Australia's Muslim leaders have opened their mosques and schools to
house Roman Catholic pilgrims for World Youth Day as part of efforts to
ease interfaith tensions. The Australian Federation of Islamic
Councils is also planning mixed-faith sporting competitions and mosque
open days for the international festival. From Sydney, Phil Mercer
Roman Catholic leaders in Australia sought the help of other faiths to help house an army of foreign pilgrims arriving for the World Youth Day events this week.
Sydney's Muslim community responded with an offer to accommodate young visitors in Islamic schools.
Islamic leaders here see World Youth Day as an opportunity to break down barriers between the faiths.
Father Mark Podesta, a Catholic priest, says the involvement of Islamic schools is an important step forward.
"One thing that really marks Sydney and marks Australia is the fact that we come from many different backgrounds, many different faiths, many different ethnicities, nationalities and yet we all live alongside one another in peace, with goodwill and in harmony and so this is an opportunity to build bridges, to forge friendships and to break down barriers," he said. "This is an opportunity to show the rest of the world that people of different backgrounds and different beliefs can live alongside one another in peace and goodwill and harmony."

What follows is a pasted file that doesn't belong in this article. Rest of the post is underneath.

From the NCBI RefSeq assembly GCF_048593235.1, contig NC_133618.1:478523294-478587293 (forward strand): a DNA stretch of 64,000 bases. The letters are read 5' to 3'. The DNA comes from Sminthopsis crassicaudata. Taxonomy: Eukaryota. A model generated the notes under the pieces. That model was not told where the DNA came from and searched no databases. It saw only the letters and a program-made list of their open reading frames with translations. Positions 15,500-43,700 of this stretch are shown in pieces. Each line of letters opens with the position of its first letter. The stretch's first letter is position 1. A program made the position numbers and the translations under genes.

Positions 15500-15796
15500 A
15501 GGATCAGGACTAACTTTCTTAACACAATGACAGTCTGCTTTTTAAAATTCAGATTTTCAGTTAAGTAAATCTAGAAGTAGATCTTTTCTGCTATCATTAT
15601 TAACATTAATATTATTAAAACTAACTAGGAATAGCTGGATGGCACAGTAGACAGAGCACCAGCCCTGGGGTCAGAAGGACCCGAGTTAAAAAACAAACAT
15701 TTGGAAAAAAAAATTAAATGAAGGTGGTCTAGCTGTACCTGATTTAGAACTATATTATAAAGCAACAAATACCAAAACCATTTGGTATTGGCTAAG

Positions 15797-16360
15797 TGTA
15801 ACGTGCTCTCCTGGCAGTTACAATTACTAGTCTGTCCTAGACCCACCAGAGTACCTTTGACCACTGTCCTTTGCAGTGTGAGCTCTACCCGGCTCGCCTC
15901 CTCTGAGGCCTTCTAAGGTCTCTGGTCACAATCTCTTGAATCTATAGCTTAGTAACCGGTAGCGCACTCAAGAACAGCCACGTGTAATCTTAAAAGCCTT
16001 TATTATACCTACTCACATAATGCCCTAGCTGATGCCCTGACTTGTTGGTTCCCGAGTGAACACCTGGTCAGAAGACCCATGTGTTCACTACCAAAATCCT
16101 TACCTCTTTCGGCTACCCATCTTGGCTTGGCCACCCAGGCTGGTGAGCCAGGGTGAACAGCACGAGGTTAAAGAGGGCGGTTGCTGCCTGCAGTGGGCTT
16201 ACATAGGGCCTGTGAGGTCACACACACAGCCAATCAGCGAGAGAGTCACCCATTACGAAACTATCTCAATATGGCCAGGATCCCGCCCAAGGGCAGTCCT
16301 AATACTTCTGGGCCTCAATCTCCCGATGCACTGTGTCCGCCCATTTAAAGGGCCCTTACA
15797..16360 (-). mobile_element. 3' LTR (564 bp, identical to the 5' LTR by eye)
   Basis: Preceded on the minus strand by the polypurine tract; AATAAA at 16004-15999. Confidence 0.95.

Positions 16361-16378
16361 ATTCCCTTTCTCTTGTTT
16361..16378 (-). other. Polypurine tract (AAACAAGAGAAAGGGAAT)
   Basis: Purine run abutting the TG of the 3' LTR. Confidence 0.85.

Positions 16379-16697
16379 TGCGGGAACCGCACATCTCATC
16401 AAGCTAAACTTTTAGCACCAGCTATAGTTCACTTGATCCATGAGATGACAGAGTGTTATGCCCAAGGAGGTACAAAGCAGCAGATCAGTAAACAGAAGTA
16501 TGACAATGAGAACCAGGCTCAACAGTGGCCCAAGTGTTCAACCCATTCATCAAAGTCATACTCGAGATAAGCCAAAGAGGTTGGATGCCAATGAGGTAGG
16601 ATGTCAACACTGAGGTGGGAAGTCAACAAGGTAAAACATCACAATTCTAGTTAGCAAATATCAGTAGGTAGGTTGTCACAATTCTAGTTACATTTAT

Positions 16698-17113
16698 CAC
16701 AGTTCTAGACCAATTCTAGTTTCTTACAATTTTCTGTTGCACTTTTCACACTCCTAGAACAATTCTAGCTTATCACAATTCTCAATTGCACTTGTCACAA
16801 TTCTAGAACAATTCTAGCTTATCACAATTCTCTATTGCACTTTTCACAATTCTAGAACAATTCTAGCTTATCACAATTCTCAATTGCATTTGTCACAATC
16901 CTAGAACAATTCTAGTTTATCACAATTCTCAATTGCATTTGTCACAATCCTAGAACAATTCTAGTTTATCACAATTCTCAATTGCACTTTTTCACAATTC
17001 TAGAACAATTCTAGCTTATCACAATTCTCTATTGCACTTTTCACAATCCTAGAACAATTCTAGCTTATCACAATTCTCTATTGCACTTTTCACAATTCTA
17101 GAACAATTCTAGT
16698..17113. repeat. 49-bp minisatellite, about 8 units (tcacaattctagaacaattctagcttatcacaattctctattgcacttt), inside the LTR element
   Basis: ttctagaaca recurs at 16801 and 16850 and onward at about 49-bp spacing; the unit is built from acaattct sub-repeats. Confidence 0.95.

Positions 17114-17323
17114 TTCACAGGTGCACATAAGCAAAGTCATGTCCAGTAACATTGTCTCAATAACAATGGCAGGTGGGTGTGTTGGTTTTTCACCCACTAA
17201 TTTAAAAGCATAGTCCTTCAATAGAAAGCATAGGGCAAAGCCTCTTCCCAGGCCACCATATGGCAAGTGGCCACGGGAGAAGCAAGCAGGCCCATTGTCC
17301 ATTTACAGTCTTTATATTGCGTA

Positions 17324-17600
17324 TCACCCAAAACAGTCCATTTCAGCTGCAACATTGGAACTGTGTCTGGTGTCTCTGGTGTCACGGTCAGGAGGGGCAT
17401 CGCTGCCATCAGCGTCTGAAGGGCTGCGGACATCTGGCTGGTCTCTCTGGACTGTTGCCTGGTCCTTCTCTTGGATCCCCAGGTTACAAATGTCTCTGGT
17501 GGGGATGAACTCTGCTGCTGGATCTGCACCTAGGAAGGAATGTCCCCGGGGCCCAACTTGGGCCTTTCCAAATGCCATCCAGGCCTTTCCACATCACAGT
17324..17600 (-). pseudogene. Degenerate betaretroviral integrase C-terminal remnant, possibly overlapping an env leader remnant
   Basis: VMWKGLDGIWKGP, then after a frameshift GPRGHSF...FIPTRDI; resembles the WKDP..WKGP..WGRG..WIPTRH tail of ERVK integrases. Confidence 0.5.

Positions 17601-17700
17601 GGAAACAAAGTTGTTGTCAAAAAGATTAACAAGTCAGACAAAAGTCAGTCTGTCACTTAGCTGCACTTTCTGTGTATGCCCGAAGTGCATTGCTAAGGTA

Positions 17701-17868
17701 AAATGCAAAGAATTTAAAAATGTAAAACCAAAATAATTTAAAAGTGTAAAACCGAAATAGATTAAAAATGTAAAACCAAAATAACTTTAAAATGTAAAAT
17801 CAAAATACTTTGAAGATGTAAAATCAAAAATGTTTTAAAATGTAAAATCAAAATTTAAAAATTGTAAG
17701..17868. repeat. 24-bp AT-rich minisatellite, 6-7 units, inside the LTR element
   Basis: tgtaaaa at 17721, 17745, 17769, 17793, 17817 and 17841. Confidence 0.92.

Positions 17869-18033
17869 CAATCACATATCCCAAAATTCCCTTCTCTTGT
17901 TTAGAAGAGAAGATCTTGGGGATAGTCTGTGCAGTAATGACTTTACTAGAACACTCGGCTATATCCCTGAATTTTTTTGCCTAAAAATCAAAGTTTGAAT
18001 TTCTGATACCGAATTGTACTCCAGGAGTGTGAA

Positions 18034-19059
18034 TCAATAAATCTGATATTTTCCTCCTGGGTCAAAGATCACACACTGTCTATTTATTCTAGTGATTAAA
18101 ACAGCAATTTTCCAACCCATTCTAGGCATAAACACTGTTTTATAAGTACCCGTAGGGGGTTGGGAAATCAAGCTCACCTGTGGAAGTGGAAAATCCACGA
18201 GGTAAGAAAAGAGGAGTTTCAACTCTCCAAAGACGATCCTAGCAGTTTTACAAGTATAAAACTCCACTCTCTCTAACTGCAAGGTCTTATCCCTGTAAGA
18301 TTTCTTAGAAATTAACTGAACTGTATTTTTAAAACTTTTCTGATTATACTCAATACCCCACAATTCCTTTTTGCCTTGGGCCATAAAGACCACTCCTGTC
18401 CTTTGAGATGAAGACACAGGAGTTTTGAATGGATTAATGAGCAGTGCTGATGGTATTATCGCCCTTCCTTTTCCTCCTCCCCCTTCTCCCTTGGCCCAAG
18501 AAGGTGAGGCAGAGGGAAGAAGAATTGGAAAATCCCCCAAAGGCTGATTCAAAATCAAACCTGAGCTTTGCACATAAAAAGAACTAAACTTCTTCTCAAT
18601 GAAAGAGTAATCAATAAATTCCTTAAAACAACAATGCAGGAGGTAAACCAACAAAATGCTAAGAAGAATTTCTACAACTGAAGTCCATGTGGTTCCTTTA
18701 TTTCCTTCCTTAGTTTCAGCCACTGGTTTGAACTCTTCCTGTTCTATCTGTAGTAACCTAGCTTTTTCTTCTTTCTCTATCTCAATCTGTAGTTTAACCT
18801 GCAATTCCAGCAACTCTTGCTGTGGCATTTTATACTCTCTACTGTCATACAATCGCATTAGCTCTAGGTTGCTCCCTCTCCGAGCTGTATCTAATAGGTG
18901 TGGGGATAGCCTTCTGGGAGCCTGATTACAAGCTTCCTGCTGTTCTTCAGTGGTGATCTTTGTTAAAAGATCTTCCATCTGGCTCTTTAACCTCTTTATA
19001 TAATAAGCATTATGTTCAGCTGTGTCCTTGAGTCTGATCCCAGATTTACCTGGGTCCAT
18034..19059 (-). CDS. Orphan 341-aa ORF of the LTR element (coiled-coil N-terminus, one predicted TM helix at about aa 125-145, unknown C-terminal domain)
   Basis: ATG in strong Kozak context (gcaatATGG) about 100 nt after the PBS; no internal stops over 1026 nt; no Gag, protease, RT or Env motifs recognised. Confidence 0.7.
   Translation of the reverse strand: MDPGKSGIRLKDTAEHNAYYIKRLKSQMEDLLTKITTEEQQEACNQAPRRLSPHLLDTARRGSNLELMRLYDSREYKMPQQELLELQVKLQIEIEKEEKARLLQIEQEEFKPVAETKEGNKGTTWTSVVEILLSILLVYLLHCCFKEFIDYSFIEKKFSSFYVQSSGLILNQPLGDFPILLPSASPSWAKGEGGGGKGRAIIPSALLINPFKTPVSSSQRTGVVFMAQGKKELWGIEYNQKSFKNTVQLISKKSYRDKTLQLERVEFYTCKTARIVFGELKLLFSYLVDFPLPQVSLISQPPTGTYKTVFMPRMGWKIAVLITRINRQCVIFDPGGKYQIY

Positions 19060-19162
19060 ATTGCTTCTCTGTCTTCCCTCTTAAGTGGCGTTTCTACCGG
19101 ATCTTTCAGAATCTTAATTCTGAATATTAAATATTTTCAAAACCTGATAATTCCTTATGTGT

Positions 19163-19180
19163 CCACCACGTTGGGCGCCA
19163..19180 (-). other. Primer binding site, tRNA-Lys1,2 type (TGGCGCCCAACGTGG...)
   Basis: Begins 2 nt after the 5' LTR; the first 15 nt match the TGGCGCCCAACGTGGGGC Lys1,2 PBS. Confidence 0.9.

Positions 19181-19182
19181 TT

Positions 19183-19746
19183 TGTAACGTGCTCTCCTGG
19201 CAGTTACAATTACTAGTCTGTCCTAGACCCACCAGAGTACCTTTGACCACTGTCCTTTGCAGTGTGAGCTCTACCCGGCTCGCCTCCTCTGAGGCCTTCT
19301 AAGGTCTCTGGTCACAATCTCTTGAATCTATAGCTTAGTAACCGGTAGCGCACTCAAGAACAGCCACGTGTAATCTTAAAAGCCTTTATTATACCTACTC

Pope Benedict XVI is in Sydney for World Youth Day, which is expected to draw more than 100,000 foreign visitors and tens of thousands of Australians to the city.
Relations between Australia Muslim community of 350,000 and its Christian majority at times are strained. In December 2005 groups of young white Australians clashed with those of Middle Eastern backgrounds in the Sydney beachside suburb of Cronulla.
In May local officials rejected plans to build an Islamic school on the outskirts of the country's biggest city, Sydney. Critics say the decision was based on racism, but officials say the school was rejected because of town planning issues, such as traffic flows.
Last year Pope Benedict sparked fury in the Muslim world when he quoted a medieval text that criticized some teachings of the Prophet Muhammad as "evil and inhuman".
Sydney's Catholic Archbishop, Cardinal George Pell, defended the pontiff's comments and drew a link between Islamists and violence.
Church officials have said the pope's visit to Australia has fostered a new spirit of forgiveness and reconciliation.
Pope Benedict is taking a few days rest after arriving in Sydney Sunday. He begins his official engagements on Thursday, when he travels across Sydney's iconic harbor.
World Youth Day is expected to attract more foreign visitors than the 2000 Sydney Olympic Games.